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glu·ta·mine (Gln, Q),(glū'tă-mēn, -tă-min, glū-tam'in),
The δ-amide of glutamic acid, derived by oxidation from proline in the liver or by the combination of glutamic acid with ammonia; the l-isomer is present in proteins, blood, and other tissues, and is an important source of urinary ammonia, being broken down in the kidney by the action of the enzyme glutaminase; nonenzymatically, it is converted to 5-oxoproline.
glutamine/glu·ta·mine/ (glldbomact´ah-mēn) the monoamide of glutamic acid, a nonessential amino acid occurring in proteins; it is an important carrier of urinary ammonia and is broken down in the kidney by the enzyme glutaminase. Symbols Gln and Q.
A nonessential amino acid, C5H10N2O3, occurring widely in plant and animal tissue and proteins and produced commercially for use in medicine and biochemical research.
Etymology: L, gluten + amine, ammonia
a nonessential amino acid found in the juices of many plants and in many proteins in the body. It functions as an amino donor for many reactions. It is also a nontoxic transport for ammonia because it is readily hydrolyzed to glutamic acid and free ammonia, the latter excreted in the urine. See also amino acid, protein.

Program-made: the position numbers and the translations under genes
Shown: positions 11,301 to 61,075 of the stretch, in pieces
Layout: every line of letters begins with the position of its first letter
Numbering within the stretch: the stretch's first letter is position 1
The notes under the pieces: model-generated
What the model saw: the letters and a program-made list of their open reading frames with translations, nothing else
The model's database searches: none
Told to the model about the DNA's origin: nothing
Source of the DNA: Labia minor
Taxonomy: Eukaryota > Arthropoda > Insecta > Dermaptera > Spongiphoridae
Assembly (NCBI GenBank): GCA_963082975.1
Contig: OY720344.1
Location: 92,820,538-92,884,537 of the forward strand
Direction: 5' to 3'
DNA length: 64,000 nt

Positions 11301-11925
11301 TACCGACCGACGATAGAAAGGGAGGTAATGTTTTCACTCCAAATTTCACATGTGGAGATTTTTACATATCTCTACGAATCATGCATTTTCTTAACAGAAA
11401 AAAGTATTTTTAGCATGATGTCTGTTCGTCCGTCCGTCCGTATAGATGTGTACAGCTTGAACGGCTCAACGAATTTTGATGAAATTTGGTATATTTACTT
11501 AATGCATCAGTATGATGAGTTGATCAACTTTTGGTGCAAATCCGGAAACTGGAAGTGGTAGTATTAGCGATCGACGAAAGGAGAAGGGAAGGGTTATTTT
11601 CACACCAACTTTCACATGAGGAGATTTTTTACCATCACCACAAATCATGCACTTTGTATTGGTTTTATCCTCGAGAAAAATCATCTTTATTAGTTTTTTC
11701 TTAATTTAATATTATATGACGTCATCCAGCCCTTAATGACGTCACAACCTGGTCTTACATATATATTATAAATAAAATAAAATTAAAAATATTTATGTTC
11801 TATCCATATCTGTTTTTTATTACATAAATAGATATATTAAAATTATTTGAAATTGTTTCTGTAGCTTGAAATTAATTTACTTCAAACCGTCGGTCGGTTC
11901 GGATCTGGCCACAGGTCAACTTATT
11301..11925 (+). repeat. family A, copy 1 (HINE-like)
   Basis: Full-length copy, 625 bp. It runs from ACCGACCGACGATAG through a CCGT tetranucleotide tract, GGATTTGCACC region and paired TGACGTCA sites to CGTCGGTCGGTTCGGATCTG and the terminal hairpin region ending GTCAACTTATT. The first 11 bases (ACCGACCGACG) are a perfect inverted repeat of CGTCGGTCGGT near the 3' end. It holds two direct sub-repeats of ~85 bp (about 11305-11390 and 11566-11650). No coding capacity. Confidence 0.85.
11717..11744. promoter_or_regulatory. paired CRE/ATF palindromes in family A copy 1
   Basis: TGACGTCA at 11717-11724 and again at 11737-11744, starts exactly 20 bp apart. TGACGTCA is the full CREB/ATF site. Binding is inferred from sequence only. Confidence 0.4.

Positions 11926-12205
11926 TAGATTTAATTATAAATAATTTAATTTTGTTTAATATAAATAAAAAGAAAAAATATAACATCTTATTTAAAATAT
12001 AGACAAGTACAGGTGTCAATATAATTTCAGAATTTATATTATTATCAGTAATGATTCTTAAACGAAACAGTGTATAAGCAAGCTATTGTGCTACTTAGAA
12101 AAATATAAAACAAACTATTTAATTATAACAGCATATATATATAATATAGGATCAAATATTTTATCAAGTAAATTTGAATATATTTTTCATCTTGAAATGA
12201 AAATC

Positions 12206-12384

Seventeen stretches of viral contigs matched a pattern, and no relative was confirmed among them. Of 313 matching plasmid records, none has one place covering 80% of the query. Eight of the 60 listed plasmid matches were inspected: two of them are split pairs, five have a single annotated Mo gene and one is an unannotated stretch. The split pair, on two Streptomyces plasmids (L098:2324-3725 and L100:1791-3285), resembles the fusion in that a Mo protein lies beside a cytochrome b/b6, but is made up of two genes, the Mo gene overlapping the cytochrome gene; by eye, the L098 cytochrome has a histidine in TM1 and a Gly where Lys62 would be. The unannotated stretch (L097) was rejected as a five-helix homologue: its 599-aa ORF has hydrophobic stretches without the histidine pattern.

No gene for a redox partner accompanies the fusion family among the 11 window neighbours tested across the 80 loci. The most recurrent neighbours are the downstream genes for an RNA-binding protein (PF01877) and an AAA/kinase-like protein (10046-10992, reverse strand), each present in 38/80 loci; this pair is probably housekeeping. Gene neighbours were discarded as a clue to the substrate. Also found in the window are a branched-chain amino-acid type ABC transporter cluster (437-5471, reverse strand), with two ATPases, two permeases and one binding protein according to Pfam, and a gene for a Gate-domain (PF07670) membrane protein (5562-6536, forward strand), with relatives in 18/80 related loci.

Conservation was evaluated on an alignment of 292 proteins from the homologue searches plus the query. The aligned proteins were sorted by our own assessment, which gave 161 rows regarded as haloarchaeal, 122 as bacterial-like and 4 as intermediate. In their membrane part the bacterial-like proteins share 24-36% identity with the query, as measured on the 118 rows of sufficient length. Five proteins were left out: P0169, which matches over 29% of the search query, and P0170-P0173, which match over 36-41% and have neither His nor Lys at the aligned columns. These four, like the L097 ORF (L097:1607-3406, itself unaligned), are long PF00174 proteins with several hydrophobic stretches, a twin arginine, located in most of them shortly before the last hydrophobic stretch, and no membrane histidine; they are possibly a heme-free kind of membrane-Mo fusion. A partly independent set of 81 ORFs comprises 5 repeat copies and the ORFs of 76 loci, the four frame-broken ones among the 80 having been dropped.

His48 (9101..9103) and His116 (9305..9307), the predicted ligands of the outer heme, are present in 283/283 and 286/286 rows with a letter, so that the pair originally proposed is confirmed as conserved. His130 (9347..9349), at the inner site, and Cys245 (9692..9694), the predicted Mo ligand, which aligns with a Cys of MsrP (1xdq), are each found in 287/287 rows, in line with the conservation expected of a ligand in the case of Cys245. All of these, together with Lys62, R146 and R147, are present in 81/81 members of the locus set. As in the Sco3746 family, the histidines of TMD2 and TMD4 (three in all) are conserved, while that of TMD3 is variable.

The δ-amide of glutamic acid, derived by oxidation from proline in the liver or by the combination of glutamic acid with ammonia; the l-isomer is present in proteins and in blood and other tissues, and is an important source of urinary ammonia.
glutamine (Q, Gln)one of 20 AMINO ACIDS common in proteins that has a polar ‘R’ structure and is soluble in water.
glutaminethe amide of amino acid glutamate, synthesized in skeletal muscle. Glutamine is one of the major fuels of the gut lining, and of the cells of the immune system. It is also a precursor for the gluconeogenesis that occurs in the kidneys after an overnight fast or in starvation. Glutamine supplementation is popular among athletes attempting to maintain a healthy immune system during training. See also glucogenic amino acids, ergogenic aids; appendix 4.4 .
n an amino acid synthesized within the body from glutamic acid. Used in preventing immunosuppression after exercise and as an aid in recovery after a critical illness. Precaution urged for those sensitive to monosodium glutamate, those who suffer from manic conditions, and patients who are taking anticonvulsants. Also called
Gln; an amide of glutamic acid, an amino acid occurring in proteins; it is an important carrier of ammonia to the kidney where it is released by glutaminase.
enzyme catalyzing the synthesis of the amino acid, glutamine from glutamate ammonia and ATP. Major means of detoxifying ammonia from amino acid catabolism in peripheral tissues and then transporting the ammonia as the amido-N in glutamine to the liver of kidney.